The Russian art scholar Irina Antonowa, president of the Pushkin Museum in Moscow and “guardian of looted art”, has died. “Irina Alexandrovna is dead,” said museum director Marina Loschak, according to the Tass state agency on Tuesday. In Germany, Antonova was known as the resolute guardian of the art treasures that Soviet soldiers brought to Moscow after the Second World War. The “booty” was considered to be compensation for war losses that were attributed to looting and pillaging Nazis.
Antonova resigned as museum director in 2013 at the age of 91 and handed over her life’s work to the art scholar Loschak. After 52 years at the head of the internationally known Pushkin Museum, she remained its president – and was also present at larger events until the end. Antonova began her work in the Pushkin Museum in 1945 under Soviet dictator Josef Stalin.
It was part of her legacy that a Russian law against Germany’s protests codified the “relocated cultural goods” as reparation. The treasures also include the Troy finds by Heinrich Schliemann and the Eberswalder gold treasure. “A return would be the beginning of a revolution in art collections all over the world,” Antonova once said. She pointed out that museums around the world are full of art treasures from marches of conquest and wars.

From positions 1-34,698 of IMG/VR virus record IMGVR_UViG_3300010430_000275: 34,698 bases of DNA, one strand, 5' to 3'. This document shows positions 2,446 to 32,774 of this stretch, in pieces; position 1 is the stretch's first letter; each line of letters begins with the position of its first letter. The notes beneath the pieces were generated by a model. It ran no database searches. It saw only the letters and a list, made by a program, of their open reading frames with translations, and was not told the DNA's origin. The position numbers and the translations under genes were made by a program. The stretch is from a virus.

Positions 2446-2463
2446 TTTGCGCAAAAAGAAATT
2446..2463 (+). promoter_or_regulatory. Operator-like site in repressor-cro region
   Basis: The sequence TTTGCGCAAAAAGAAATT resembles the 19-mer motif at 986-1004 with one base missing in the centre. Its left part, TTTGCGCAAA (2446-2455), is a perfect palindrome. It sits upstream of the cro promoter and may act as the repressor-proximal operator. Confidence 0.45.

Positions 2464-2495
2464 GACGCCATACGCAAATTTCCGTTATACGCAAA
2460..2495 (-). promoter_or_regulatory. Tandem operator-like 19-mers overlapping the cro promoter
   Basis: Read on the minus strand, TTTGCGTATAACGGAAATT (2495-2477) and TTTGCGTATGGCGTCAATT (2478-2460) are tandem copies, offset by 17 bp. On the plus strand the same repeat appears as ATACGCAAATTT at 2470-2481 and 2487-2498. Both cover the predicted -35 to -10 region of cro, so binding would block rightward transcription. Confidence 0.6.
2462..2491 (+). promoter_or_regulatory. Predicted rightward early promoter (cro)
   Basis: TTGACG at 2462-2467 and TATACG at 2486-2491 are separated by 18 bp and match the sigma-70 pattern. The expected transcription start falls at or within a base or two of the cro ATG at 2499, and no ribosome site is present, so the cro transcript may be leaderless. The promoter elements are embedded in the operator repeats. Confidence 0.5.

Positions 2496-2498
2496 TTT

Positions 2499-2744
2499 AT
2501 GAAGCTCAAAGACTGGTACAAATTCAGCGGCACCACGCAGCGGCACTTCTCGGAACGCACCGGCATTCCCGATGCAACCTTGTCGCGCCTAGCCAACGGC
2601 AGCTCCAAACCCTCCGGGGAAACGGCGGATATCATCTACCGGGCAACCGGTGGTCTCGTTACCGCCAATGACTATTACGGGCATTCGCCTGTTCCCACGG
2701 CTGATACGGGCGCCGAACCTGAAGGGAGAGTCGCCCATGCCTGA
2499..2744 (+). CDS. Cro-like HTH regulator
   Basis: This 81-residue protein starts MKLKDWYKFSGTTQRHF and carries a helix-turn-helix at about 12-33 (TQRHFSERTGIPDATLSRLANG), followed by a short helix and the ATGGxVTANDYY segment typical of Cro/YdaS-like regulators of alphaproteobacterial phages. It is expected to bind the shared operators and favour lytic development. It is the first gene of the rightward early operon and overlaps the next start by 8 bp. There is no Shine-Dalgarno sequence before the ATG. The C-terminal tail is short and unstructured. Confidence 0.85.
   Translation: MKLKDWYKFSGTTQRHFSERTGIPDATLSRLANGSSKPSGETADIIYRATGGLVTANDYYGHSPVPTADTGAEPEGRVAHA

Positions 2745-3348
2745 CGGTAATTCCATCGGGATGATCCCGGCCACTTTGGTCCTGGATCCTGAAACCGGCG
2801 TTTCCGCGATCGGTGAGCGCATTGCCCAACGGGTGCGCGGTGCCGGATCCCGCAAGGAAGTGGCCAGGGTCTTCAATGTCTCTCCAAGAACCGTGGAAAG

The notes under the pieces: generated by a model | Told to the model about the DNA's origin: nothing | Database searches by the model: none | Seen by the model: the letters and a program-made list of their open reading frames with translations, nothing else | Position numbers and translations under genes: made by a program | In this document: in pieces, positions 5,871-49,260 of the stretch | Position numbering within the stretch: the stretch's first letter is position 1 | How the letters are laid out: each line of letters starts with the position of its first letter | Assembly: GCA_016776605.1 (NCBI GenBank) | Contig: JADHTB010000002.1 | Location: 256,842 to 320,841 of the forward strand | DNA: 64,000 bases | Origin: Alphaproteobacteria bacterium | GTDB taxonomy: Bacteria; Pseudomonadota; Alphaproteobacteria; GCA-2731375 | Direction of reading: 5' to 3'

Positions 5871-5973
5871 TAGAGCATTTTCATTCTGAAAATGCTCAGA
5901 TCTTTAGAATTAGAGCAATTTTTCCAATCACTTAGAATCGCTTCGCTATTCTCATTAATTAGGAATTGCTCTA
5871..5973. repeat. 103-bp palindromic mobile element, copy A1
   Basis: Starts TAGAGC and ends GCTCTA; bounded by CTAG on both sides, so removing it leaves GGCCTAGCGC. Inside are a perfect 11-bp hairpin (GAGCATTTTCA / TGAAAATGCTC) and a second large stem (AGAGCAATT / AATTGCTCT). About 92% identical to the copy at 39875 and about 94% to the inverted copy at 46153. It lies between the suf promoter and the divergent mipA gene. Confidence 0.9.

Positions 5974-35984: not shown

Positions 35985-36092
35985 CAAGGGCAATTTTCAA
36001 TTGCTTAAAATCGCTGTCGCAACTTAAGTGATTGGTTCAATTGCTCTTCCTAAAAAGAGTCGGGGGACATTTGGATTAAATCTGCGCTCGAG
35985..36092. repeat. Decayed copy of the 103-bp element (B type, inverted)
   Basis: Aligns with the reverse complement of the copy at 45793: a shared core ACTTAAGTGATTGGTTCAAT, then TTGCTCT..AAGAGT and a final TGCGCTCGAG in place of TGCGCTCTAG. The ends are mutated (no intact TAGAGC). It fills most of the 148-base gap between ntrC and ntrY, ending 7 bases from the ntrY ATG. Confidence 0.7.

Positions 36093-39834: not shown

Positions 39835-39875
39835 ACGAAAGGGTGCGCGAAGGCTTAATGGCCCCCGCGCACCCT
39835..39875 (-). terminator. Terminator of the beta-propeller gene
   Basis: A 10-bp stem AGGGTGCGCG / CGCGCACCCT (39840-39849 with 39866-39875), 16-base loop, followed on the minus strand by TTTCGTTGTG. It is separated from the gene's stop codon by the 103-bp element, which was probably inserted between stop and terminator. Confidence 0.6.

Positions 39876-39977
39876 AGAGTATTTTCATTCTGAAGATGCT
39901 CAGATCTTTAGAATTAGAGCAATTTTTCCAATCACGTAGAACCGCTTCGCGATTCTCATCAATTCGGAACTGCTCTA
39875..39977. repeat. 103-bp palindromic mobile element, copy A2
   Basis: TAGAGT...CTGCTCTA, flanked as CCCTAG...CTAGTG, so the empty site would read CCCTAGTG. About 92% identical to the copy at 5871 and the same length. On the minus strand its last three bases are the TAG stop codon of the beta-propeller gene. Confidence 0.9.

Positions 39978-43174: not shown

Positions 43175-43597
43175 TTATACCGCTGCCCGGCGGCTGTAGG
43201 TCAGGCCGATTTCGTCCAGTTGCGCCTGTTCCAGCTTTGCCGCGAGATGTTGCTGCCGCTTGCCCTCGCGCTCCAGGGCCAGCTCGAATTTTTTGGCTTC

Antonova, born on March 20, 1922 in Moscow, had lived in Germany for several years as a child and spoke German. She always resisted reports that she had chosen looted art herself after the war. On her 90th birthday in 2012, the woman, who often appeared like a sergeant in her strict costumes, said that she saw no end to her museum work.
Russian columnists praised the art scholar as a world-class expert who, with great cleverness and inexhaustible energy, confidently and uncompromisingly led one of the most important Russian museums. During the Soviet era, Antonova organized the first show with works by the surrealist Salvador Dalí. After the end of the Cold War, she opened the secret depots with looted art after Moscow had already returned large quantities to the Gemäldegalerie in Dresden during the GDR era.